Mr.Ravindra Dhawale, Prof.Dr.D.N.Raut / International Journal of Engineering Research andApplications (IJERA) ISSN: 2248-9...
Mr.Ravindra Dhawale, Prof.Dr.D.N.Raut / International Journal of Engineering Research andApplications (IJERA) ISSN: 2248-9...
Mr.Ravindra Dhawale, Prof.Dr.D.N.Raut / International Journal of Engineering Research andApplications (IJERA) ISSN: 2248-9...
Mr.Ravindra Dhawale, Prof.Dr.D.N.Raut / International Journal of Engineering Research andApplications (IJERA) ISSN: 2248-9...
Mr.Ravindra Dhawale, Prof.Dr.D.N.Raut / International Journal of Engineering Research andApplications (IJERA) ISSN: 2248-9...
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International Journal of Engineering Research and Applications (IJERA) is an open access online peer reviewed international journal that publishes research and review articles in the fields of Computer Science, Neural Networks, Electrical Engineering, Software Engineering, Information Technology, Mechanical Engineering, Chemical Engineering, Plastic Engineering, Food Technology, Textile Engineering, Nano Technology & science, Power Electronics, Electronics & Communication Engineering, Computational mathematics, Image processing, Civil Engineering, Structural Engineering, Environmental Engineering, VLSI Testing & Low Power VLSI Design etc.

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Dt33726730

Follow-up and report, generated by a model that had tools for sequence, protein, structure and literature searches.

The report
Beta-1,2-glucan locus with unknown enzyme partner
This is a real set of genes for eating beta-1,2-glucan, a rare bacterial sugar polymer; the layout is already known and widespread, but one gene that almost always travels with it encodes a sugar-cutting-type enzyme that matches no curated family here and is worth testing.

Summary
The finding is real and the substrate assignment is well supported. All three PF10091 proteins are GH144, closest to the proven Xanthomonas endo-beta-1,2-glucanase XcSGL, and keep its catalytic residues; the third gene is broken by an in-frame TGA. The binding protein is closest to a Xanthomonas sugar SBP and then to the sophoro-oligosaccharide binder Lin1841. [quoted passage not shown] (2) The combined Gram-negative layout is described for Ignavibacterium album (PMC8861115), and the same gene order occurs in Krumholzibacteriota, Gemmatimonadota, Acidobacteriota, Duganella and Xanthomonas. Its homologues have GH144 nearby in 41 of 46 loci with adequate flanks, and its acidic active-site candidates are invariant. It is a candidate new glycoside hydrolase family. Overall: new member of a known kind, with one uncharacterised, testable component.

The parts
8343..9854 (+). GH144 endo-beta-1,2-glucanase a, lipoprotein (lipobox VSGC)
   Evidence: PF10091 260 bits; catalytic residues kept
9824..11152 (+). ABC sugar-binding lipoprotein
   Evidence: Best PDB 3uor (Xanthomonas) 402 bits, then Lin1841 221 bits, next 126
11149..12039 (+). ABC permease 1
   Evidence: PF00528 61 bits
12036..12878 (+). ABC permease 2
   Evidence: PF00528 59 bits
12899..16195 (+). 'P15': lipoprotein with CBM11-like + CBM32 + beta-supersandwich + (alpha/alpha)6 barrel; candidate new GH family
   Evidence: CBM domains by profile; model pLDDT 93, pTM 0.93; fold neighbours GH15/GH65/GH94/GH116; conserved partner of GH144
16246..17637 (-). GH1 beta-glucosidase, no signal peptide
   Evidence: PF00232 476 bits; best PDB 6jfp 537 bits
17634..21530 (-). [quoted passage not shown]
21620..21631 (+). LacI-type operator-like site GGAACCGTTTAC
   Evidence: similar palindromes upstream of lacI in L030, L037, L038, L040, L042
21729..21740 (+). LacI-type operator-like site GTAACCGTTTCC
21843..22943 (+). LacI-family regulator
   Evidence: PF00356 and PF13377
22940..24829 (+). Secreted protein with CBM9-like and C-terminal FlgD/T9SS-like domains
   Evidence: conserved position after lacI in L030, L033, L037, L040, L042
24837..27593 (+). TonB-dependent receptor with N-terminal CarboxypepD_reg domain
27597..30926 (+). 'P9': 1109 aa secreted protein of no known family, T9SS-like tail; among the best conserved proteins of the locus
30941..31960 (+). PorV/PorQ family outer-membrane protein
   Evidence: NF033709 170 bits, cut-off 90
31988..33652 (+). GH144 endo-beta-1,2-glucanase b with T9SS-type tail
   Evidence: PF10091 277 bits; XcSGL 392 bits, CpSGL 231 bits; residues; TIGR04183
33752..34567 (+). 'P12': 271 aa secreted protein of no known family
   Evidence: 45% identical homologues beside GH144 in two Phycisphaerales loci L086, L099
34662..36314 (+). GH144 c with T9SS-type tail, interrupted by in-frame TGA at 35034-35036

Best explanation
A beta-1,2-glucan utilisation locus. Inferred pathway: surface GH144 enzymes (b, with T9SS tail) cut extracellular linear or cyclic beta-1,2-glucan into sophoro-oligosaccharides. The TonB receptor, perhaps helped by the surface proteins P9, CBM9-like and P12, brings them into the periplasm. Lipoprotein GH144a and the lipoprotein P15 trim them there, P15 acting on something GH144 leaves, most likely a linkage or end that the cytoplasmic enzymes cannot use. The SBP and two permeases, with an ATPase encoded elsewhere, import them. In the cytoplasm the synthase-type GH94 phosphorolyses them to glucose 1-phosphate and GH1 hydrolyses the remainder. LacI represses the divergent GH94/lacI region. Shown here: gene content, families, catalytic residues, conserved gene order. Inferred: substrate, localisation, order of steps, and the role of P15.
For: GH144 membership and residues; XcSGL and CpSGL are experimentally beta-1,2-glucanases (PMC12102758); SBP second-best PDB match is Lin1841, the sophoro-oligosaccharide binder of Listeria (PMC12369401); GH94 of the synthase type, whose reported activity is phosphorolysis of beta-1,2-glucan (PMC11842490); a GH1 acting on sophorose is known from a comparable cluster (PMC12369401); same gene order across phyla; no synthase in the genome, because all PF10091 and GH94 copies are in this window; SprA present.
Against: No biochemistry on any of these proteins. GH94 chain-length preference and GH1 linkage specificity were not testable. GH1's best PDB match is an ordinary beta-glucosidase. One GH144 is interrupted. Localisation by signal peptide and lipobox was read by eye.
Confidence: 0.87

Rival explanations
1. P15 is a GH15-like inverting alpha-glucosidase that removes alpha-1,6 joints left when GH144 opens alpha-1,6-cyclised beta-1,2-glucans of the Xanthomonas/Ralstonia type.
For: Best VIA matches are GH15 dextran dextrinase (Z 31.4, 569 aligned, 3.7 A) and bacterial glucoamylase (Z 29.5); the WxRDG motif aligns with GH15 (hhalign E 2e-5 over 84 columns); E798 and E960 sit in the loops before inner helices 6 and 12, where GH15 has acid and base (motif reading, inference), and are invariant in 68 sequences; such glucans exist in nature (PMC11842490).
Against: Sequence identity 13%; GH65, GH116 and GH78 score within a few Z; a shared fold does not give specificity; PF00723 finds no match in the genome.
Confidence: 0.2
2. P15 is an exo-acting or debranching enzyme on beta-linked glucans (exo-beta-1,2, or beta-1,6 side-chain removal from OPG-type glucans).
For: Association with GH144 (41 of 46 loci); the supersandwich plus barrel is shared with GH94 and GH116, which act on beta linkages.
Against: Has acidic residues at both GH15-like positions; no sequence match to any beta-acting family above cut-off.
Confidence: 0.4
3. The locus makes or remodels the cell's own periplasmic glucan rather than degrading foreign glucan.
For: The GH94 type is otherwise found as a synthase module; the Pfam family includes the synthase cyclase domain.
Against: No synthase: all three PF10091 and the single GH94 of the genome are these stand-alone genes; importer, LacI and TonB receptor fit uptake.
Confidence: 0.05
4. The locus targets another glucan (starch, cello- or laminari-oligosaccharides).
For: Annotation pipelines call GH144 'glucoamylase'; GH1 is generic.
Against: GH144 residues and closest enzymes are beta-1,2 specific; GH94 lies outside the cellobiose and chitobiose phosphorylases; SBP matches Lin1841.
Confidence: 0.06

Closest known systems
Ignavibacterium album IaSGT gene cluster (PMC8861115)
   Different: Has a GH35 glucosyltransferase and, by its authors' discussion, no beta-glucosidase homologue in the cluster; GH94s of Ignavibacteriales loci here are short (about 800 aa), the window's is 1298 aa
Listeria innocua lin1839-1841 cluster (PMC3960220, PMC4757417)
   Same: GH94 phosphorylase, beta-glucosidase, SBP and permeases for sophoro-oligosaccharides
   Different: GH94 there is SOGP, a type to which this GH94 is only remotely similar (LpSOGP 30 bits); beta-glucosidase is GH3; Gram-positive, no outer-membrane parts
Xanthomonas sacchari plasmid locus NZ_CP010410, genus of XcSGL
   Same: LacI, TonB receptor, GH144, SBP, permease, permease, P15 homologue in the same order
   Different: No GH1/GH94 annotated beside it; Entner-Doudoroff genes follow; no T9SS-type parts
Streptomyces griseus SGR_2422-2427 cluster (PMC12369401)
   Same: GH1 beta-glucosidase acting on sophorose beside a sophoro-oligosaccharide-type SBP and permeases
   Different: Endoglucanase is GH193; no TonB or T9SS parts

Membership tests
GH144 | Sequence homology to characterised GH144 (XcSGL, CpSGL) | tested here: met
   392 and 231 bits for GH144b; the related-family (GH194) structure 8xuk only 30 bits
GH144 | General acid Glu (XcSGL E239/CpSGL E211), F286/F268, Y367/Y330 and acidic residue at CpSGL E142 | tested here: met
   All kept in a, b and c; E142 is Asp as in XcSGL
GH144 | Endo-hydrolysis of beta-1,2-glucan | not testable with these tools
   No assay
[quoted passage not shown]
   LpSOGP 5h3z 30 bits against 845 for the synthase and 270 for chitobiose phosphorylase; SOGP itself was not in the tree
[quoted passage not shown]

1. 1. Mr.Ravindra Dhawale, Prof.Dr.D.N.Raut / International Journal of Engineering Research andApplications (IJERA) ISSN: 2248-9622 www.ijera.comVol. 3, Issue 3, May-Jun 2013, pp.726-730726 | P a g eEvaluating Measurement Capabilities by Gauge R&R UsingANOVA for ReliabilityMr.Ravindra Dhawale *, Prof.Dr.D.N.Raut ***( M.Tech. Production Engineering Department ,VJTI ,Mumbai- 400019)** (Prof. Production Engineering Department ,VJTI ,Mumbai- 400019)ABSTRACTGauge Repeatability andReproducibility i.e. R&R measurement by usingANOVA method is the main step of theproduction control and quality improvement ofthe final outputs. This is because, it is necessaryfor the operators to have particular andaccurate data for analyzing and solvingproblems of the production. This paperunderlines the study of Gauge R&R usingANOVA on the Minitab software for checkingthe tools, equipments, parts, operators if theyare not finished. It can also remove the errors ofthe production that gives the better outputs.Keywords - Analysis of Variance (ANOVA),Gauge Repeatability and Reproducibility, Part-Operator interaction, Quality improvementI. INTRODUCTIONMost of the quality problems in industriesare solved by identifying and correcting inaccuratedata and inaccurate measurement process. Despite thequality being a major concern for any sector,experts in manufacturing industries, express theiranxiety about the measurement reliability which isused in decision making [1]. The quality of thedata measured is vital for appropriateunderstanding, monitoring or improving a process.If the data is contaminated with errors, it could leadto wrong decisions. The ability to make rightdecisions depends on the availability of ameasurement process, selecting the rightmeasurement process and operating themeasurement process in the correct manner. whenthe data quality is low, the benefits of ameasurement system is also low; likewise when thedata quality is high, the benefit is high too [2]. Ameasurement system is the collection of instrumentsor gages, standards, operations, methods, fixtures,software, personnel, environment andassumptions used to quantify a unit of measure orfix assessment. Because of various reasons, eachelement of measurement system may lead to bringvariation and discreteness into the measurementresults, and affect the measurement accuracy. Inorder to ensure the reliability of measurementsystem, it’s necessary to analyze the measurementsystem so as to determine and control the variationsources. So far research work on the statisticaldiscreteness in measurement system is rarelyimplemented. If the discreteness is great, it willincrease the measurement error.II. ERRORS IN A MEASUREMENTSYSTEMThe measurement system errors can becharacterized based on its location and spread(variance) [2]. Location error can be categorized byaccuracy, bias, stability and linearity. The spreaderror can be categorized as precision, repeatability,and reproducibility. Fig.1 illustrates measurementsystem variations.Fig.1. Measurement System VariationsDefinitions of accuracy and precision are given asbelow:A. Accuracy: It is the difference between the averagevalues of the observed measurement and the actualmeasurement.Accuracy can be divided in to three components:1. Bias: It is the difference between the averageobserved value and the reference value of the samecharacteristic on the same part.2. Linearity: It is the difference in bias values overthe expected operating range of the measurementgauge.3. Stability: It is the variation (differences) in theaverage over extended periods of time using thesame gauge and appraiser to repeatedly measurethe same part.B. Precision: Precision or measurement variation isthe variation due to a measurement system and canbe divided into two components: